Entrepreneurship

Building A Brand When the Brand is You

Building A Brand When the Brand is You

Starting your own business or breaking out of a traditional corporate role is a dream many of us only dare to dream. Two years ago I made this dream a reality when I left the corporate world to follow my passion of becoming a professional writer. Prior to that I spent over a decade in sales, marketing and events. Leaving my career was a huge risk because I didn’t yet have any concrete evidence that I knew how to put together sentences well on paper, or that I could story-tell with the best of them. But just like anyone who’s starting a new company or building a brand – you have to start somewhere. The first step is always the hardest.

Once I did leave corporate America I quickly realized its a whole different ball game when you don’t have the recognition of an established brand printed below your name on a business card. You’ll definitely have your work cut out for you, but once you’re ready to take the leap here is some sound advice to set you up for success:

Set realistic expectations

When you begin your new venture it’s important to set short-term and long-term goals. Make them achievable, too. Actualized goals enhance your confidence and give you motivation to keep going. You will not be an overnight success or replace your corporate salary in six months, so plan and save. Patience is a virtue you must now learn to love.

Start a blog

Even if you’re not a writer or don’t care to be, blogs are a platform to build your network and credibility. Blogs are also a direct line of communication in a professional format to get information to an intended audience. You control the content and control the image. I started a humor blog about parenting, but also had a career advice section that included my business credentials in my bio. I knew any follower could potentially be a future client – and I was right.

Create a professional website

Having a professional website solidifies your business. If it’s in the very early stages and you cannot finance a site, there are plenty of sites with free templates you can use.

Perfect your pitch

The second question everyone asks one another once they meet is, “What do you do”. Be ready to answer this question in a few short sentences that provide just enough information to peak their interest. Let them lead the conversation from there so they don’t feel “pitched” to. Remember, when meeting new people you only have about thirty seconds to build credibility and prove you’re an expert in your field. I advise to practice with friends or in the mirror what to say before you go to any event to build your confidence.

Always ask for referrals

Referrals will be your lifeline. Never end a professional conversation without first asking for referrals. All of my paid work I received in the first year was strictly from referrals. Once someone does refer a client to you, be sure to send a thank you by way of a personal written note or a small token of appreciation.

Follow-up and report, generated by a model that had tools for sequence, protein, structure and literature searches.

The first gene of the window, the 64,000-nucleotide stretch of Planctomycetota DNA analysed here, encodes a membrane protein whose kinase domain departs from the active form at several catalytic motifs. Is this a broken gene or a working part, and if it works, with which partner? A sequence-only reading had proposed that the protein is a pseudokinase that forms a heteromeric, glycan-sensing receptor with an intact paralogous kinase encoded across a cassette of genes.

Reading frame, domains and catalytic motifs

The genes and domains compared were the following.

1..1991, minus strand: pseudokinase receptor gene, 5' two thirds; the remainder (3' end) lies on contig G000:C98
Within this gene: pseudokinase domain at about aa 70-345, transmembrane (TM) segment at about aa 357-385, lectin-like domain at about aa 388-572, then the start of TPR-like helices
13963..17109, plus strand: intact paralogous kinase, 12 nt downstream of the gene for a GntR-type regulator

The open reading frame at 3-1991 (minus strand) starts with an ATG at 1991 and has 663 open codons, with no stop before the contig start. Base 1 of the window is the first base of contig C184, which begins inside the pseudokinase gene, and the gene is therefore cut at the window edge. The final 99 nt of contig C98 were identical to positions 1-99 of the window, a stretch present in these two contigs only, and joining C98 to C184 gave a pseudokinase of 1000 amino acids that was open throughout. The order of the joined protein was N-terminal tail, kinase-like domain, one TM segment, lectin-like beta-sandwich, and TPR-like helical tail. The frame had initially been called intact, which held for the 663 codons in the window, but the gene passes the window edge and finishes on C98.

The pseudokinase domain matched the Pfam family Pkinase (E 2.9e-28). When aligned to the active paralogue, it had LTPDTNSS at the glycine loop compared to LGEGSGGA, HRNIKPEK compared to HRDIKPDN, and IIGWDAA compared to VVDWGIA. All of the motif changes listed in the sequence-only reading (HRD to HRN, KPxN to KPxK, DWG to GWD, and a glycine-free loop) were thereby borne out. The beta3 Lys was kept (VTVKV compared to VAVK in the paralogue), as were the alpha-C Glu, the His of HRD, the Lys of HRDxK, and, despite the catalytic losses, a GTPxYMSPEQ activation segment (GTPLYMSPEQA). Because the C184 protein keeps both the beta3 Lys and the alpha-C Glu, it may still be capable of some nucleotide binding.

You will have to prospect

Prospecting is something few people like to do, but it works. Dedicate an hour each day to reach out to friends, old colleagues and potential clients. When I first started, I reached out to every old contact I had to tell them about my new venture. I also follow up periodically to check in and keep the connection alive.

Seek advice

Reach out to others who took the same path as you. With social media it’s easier than ever to connect and network. I found my newfound friends’ advice to be invaluable and helped guide me to where I am today.

Be present on social media

In order to be successful today, you have to play the social media game. It is the easiest, least expensive, way to grow your business. Choose a few outlets, mine are Facebook and Twitter, and maintain them well. Do not create accounts for every platform available; you will not be able to manage them all. Post several times daily to maintain visibility. Promote activity and conversation to boost your posts. If you are not a regular in a newsfeed, people will forget about you and your services. I’ve built my over half of my portfolio from using social media.

Never turn down an invite

I know this can be difficult, but each event provides the opportunity for new relationships. Relationships build partnerships. Partnerships build empires.

You will do a lot of free work

In my experience, free work led to paid work. Any work is an opportunity to expand your network and build your brand. In the beginning, I accepted any opportunity that came across my desk and was in my skillset. I still do free work, especially if it’s great exposure or for a reputable brand or cause.

Pay it forward

Those who give always get. It brings me joy helping others who are where I was just two years ago. Cross promotion, training, advising those seeking assistance is also something I will not turn down. As I said earlier: relationships build partnerships and partnerships build empires.

Carving out your own way is a lot of work, more than I could have ever imagined, but building the life you love – is worth it. The smallest step taken is a step in the right direction. Know you will experience set backs and feelings of failure, but if you keep moving forward and remain persistent – success will come.

About the author

Holly Rust

Holly resides in the great city of Chicago with her husband and two sons. She spent over 10 years in Sales, Marketing, Communications and the Luxury Hotel Industry. She is a professional writer and business consultant. She is also the Co-Founder of Mother’s Guide To Sanity, a humor blog where she shares stories about raising two rambunctious toddlers, all while trying to manage a career. She is a contributing writer for The Huffington Post, Dot Complicated, TODAY Parenting Team and Scary Mommy. You can also find her essays published in several anthologies.

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